Anatomy of The Lotus Pose/Muscles Worked
(Proper) Lotus pose is a combination of sufficient hip flexion, external thigh rotation, and horizontal abduction. In other words, the thigh needs to be elevated high enough, with adequate outward rotation to safely and comfortably place the legs and feet in the lotus position.
Normally, the hips externally rotate about 60 degrees. In the lotus pose, more rotation is required. When mobility is less than what’s needed, people compensate by rotating and placing dangerous pressure on this knee joint.
So there needs to be a strong ability in the hips, with flexible quadriceps. This can be achieved with enough time, and consistency.
How To Do Lotus Pose (Ardha Padmasana)
Now we’ll get to the good stuff… find a yoga mat and go through a few practice steps before crossing over to the more advanced lotus pose variation. We’ll do this part in sections, starting with a basic legs crossed position, moving to a half lotus, and finally the lotus of all lotuses!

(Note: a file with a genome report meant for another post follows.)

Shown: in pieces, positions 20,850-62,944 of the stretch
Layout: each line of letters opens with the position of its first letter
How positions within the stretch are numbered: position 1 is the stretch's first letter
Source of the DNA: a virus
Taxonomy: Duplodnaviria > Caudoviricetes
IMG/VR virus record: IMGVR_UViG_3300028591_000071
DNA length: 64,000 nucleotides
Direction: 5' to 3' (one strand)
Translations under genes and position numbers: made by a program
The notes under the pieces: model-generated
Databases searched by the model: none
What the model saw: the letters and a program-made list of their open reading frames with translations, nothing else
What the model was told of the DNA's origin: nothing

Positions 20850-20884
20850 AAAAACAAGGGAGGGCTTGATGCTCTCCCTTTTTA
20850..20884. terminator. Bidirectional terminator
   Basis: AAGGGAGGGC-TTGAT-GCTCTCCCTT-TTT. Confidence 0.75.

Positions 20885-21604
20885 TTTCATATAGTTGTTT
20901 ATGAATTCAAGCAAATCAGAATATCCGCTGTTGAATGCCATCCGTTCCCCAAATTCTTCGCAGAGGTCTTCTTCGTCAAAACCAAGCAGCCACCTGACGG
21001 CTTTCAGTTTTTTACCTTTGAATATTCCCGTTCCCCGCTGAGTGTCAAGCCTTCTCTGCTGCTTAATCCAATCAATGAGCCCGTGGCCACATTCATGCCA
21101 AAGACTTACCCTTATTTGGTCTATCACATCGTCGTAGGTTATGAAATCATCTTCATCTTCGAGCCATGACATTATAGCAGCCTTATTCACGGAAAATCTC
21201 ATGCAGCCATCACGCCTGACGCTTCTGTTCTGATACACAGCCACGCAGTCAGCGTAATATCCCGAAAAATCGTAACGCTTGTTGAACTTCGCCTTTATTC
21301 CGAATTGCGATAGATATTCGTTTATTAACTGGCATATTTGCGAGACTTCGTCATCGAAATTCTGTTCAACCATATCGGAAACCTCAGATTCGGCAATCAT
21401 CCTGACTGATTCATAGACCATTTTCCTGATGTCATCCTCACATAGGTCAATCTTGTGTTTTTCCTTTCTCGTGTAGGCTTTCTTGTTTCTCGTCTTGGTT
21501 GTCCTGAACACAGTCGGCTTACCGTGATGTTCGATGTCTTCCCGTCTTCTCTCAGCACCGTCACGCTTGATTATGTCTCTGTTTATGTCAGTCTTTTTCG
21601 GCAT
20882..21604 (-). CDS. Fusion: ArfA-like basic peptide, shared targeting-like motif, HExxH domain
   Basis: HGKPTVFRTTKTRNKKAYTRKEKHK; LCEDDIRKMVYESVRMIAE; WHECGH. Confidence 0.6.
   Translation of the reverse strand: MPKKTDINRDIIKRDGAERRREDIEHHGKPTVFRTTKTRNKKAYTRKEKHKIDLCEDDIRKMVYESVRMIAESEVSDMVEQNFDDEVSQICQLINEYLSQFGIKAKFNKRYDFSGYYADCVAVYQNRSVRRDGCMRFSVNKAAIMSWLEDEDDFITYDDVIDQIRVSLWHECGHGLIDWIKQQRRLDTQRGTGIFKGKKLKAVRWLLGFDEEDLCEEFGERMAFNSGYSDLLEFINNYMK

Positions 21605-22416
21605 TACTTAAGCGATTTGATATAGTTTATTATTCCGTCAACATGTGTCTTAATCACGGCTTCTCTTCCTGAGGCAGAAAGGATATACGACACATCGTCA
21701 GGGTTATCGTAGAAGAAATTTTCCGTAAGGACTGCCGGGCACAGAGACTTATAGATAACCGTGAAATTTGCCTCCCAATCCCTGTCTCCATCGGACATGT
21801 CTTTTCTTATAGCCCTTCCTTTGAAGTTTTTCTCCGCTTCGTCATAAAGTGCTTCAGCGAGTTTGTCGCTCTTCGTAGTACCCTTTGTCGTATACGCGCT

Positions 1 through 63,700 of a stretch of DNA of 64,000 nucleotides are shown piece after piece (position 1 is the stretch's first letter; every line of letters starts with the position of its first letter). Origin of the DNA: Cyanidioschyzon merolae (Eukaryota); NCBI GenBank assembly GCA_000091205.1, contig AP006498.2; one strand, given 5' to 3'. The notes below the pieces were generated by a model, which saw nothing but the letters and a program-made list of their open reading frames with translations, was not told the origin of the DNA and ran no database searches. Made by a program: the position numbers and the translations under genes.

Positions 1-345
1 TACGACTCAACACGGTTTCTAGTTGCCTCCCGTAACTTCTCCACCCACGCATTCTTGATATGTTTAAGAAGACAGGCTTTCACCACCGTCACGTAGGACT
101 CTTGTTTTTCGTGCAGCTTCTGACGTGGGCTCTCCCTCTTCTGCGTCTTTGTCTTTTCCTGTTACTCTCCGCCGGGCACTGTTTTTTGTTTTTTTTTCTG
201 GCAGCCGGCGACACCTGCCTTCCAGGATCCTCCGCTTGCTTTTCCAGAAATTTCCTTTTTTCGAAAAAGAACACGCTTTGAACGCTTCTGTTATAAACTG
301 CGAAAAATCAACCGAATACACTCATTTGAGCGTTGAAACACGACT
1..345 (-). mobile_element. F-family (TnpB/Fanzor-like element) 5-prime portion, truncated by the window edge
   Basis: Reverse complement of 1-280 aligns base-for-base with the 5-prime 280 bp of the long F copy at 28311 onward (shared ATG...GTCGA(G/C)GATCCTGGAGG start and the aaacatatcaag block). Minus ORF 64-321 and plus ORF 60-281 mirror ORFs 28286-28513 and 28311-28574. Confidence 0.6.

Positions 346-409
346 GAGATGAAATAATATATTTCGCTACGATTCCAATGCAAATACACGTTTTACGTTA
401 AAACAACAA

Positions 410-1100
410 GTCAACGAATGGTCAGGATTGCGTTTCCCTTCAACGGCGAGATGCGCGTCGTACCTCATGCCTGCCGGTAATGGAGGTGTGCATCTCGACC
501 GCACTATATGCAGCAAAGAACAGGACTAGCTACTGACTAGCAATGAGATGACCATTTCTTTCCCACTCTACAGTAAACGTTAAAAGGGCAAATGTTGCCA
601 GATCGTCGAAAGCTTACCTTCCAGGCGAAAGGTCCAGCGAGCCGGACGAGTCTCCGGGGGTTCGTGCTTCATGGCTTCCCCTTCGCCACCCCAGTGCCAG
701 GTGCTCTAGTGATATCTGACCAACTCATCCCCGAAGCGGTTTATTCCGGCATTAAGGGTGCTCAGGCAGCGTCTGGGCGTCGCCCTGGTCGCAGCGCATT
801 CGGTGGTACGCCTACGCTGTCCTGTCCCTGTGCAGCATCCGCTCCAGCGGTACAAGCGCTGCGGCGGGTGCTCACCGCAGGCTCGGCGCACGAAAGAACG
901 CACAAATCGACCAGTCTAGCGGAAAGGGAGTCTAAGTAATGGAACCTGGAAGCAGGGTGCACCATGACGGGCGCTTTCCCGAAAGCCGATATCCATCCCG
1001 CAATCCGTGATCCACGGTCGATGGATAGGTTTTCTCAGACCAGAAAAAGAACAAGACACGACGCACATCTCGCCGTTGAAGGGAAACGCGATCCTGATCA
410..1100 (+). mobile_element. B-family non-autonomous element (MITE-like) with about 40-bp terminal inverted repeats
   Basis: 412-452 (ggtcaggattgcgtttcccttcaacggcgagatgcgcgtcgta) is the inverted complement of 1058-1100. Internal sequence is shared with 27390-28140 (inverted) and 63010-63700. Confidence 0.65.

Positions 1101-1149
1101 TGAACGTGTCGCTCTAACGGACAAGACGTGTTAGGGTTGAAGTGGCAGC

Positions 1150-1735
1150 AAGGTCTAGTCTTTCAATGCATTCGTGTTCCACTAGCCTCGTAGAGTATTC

Below you’ll find written step-by-step instructions, with a video tutorial afterward. Also, check out the common mistakes section to avoid crucial technique dont’s.
Note: Before attempting lotus pose, ensure that you have sufficient lower body flexibility, healthy knees and ankles, and recent experience practicing similar techniques regularly. Padmasana is an intermediate to advanced posture, and bad technique can be costly for the knee joint.
It’s also important to note that there are slight variations of lotus pose, however, the general technique should remain the same for the safety of the joints.
Before attempting the full lotus pose, see if you can first perform the basic crossed legs and half lotus variations without pain or discomfort. If you can, then proceed to carefully try the full lotus, but only if you have sufficient hip mobility to comfortably slide your feet onto the hips without forcing or pulling the shins up.